Saturday, July 07, 2007

Koštunići and Ravna Gora


Our next destination was the village of Koštunići, located on the southern slopes of the Suvobor Mountain. We had come to see the ethno village opened in 1996, but were disappointed to hear that the entire thing was closed down now due to bankruptcy (other businesses) by the owners. It would have been great to have seen local villagers demonstrate regional crafts. Hopefully in a few years the place will be bought by someone else and reopened. We were met at the intersection of a road by Mr. Damljanović, a preppy-dressed man who identified himself as our host. Once at their farm, we were warmly greeted by the entire family – his wife, mother and father, and 4-year old daughter. After carrying up our luggage to the upper level of the house, we went outside for some drinks under a grapevine-covered veranda. For lunch we were served kaymak, (a creamy dairy product) pršuta (smoked dried meat slices), chicken, tomatoes, cheese, and more.

After our hike in the heat around Ravna Gora and a visit to Mr. Damljanović's aunt and uncle (see below in Ravna Gora section), we all were tired. Despite this, Mr. Damljanović immediately put on his farm clothes, helped the grandmother milk the two cows (using a small pulsator machine recently purchased), and then left to move some beehives several hours away. What a hard worker! We took a small tour of the farm, the grandmother and 4-year old Ljubica leading us around. We tasted some of their plump raspberries also tied up like vines. Ljubica helped the grandmother move the sheep from the pasture into the barn.

After another large meal, we settled down for the evening, chatting with the family. The following morning we were treated to another hearty meal. We bought some of their honey and they packed up some raspberries for us. It was a pleasure getting to know this close-knit extended family.

Ljubica and her mother drove down with us to the small museum in Koštunići, showing us the small St. George Church and a museum honoring Vojvoda Zivojin Misić (1855-1921), general of the Serbian First Army during critical times in battle. This man was an uncle to grandpa Damljanović. The museum included some of his weapons, clothing, personal items, writings, portraits of him, topographical map of the Serbian and German army locations. Thanking them once again for their hospitality, we exchanged contact information and promised to stay in touch.

Ravna Gora
In the afternoon of our stay in Koštunići, Mr. Damljanović took us to Ravna Gora, the site where Dragoljub “Draža” Mihailović, commander of the royal resistance movement gathered and pronounced the beginning of the uprising against the Germans on May 13, 1941. The site is now a mecca for Serb nationalists celebrating “Uncle Draža”, with tens of thousands coming on the 13th of May to sing songs, wave the Serbian flag, and drink rakija (brandy, typically made from plums). Recently, a monument to the general, St. George Church (1998) and a conference hall has been built on the historical mountain plateau, mainly with funds from Canadian Serbs. One man had a small stand and was selling t-shirts of “Uncle Draža”, hats, and other memorabilia. Traditional nationalist music played loudly.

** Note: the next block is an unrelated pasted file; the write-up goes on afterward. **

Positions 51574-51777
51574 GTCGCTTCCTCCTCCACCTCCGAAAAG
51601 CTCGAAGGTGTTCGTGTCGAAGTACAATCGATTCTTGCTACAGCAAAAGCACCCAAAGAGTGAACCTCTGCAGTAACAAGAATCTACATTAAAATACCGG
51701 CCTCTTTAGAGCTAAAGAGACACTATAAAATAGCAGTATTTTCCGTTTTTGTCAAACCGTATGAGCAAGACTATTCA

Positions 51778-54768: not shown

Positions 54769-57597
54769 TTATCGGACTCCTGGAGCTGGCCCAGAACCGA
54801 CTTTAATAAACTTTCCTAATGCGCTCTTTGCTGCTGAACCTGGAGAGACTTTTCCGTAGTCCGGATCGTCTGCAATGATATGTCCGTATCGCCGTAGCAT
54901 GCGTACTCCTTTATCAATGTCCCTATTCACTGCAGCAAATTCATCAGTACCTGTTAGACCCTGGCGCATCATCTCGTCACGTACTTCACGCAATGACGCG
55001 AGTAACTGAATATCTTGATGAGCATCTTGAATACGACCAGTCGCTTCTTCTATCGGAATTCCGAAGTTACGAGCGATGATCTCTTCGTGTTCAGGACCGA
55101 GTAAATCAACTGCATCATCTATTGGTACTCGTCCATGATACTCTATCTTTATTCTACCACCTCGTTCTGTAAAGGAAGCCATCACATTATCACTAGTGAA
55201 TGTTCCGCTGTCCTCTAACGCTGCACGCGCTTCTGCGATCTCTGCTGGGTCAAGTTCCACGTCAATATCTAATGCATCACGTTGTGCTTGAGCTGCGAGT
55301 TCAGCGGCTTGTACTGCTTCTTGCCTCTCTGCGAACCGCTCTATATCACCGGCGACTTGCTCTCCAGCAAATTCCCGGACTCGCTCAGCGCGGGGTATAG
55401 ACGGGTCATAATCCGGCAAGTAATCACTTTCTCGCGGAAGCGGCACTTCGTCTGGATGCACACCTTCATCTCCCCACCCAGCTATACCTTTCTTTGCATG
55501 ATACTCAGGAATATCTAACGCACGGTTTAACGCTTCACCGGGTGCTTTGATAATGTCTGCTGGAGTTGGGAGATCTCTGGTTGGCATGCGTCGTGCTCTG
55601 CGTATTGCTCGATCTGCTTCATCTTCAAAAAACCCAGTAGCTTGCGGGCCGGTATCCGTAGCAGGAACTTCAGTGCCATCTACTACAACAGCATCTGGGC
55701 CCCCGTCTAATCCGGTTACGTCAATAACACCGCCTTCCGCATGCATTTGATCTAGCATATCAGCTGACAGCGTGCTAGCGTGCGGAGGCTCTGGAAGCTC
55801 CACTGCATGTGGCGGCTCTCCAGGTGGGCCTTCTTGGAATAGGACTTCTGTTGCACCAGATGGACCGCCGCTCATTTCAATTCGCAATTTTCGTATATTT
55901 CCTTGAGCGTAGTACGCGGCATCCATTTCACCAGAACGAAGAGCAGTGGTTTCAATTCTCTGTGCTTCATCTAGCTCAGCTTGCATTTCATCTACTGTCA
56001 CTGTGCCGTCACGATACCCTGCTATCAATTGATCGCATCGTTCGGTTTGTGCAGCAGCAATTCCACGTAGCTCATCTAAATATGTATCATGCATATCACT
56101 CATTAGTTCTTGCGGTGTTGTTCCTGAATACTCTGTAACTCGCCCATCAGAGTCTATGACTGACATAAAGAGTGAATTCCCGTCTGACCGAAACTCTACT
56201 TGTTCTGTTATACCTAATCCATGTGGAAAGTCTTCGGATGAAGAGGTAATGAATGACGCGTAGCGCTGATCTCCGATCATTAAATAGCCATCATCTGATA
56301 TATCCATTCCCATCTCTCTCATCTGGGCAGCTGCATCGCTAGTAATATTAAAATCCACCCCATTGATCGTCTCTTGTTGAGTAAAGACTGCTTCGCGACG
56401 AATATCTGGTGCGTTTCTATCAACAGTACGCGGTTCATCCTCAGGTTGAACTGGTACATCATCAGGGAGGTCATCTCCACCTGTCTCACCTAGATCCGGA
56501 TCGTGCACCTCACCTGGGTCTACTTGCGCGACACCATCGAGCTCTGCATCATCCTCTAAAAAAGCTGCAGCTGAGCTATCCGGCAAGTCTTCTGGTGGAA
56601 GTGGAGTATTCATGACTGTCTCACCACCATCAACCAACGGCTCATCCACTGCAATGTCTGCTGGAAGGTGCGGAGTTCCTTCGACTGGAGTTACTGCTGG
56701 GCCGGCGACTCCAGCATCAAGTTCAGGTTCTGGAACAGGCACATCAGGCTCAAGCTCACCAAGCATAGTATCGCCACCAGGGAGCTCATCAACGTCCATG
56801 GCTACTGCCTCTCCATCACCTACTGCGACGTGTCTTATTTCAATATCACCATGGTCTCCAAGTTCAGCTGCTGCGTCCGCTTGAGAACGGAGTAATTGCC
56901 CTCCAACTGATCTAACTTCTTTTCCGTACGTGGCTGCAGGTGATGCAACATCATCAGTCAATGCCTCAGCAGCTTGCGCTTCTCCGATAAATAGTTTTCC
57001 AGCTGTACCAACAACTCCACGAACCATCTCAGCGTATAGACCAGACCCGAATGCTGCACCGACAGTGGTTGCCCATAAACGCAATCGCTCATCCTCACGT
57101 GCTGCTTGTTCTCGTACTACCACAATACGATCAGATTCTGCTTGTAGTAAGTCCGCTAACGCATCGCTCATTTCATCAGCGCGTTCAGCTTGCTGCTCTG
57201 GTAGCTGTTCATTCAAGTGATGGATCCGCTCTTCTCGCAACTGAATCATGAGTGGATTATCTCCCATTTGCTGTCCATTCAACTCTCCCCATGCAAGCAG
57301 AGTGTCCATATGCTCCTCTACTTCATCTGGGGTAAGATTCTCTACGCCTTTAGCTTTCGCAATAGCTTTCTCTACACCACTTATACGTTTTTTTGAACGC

Prior to visiting the monument, we took a several mile walk through forested areas and some open prairie lands to see a cave. Between steep inclines and the heat, the walk was a bit challenging. A small stream ran with cool, clear water. A bit farther on, was a cave. We were only able to go into the entrance, as it was dark and filled with water. Mr. Damljanović explained that this was the site where the chetniks successfully hid and sought refuge from the Germans. He also noted that the forest in the area had been burned by the Germans as a way to more easily find the Serbs. Refreshed from the coolness of the cave and a drink from the stream, we headed back to the t-shirt stand and then up to the monument area.

After our visit to the church and monument to “Uncle Draža”, our gracious host took us to his aunt and uncle who lived nearby on a farm only accessible on foot. Carefully ducking under an electric cow fence (must have been battery-operated), we were greeted by the 73 year old aunt who was working in the garden. Pleased to see her nephew, she welcomed us and asked us to sit down. Once again we were offered some honey and water. A bit later the 87 year old uncle joined us. Now living on a farm without electricity or phone, the uncle was at one time a judge. Chickens and small chicks wandered around the yard. After showing us the house interior, we thanked the couple and walked back up the hill to the van.


Anonymous said...


Nicholas Thompson said...

The Serbian Chetniks led by General Mihailovic were the first large scale resistence against the Nazis in all of Europe in May 1041.

Their remarkable sacrifice against insurmountable odds was an inspiration to all of the oppressed peoples of Europe at the time.

General Mihailovic was postumously awarded the Legion of Merit Medal by President Harry Truman for the Chetniks material contribution to the final allied victory in Europe.

Mihailovic and his Serb Chetniks remain an inspiration to all freedom loving people around the world. Serbs should be proud.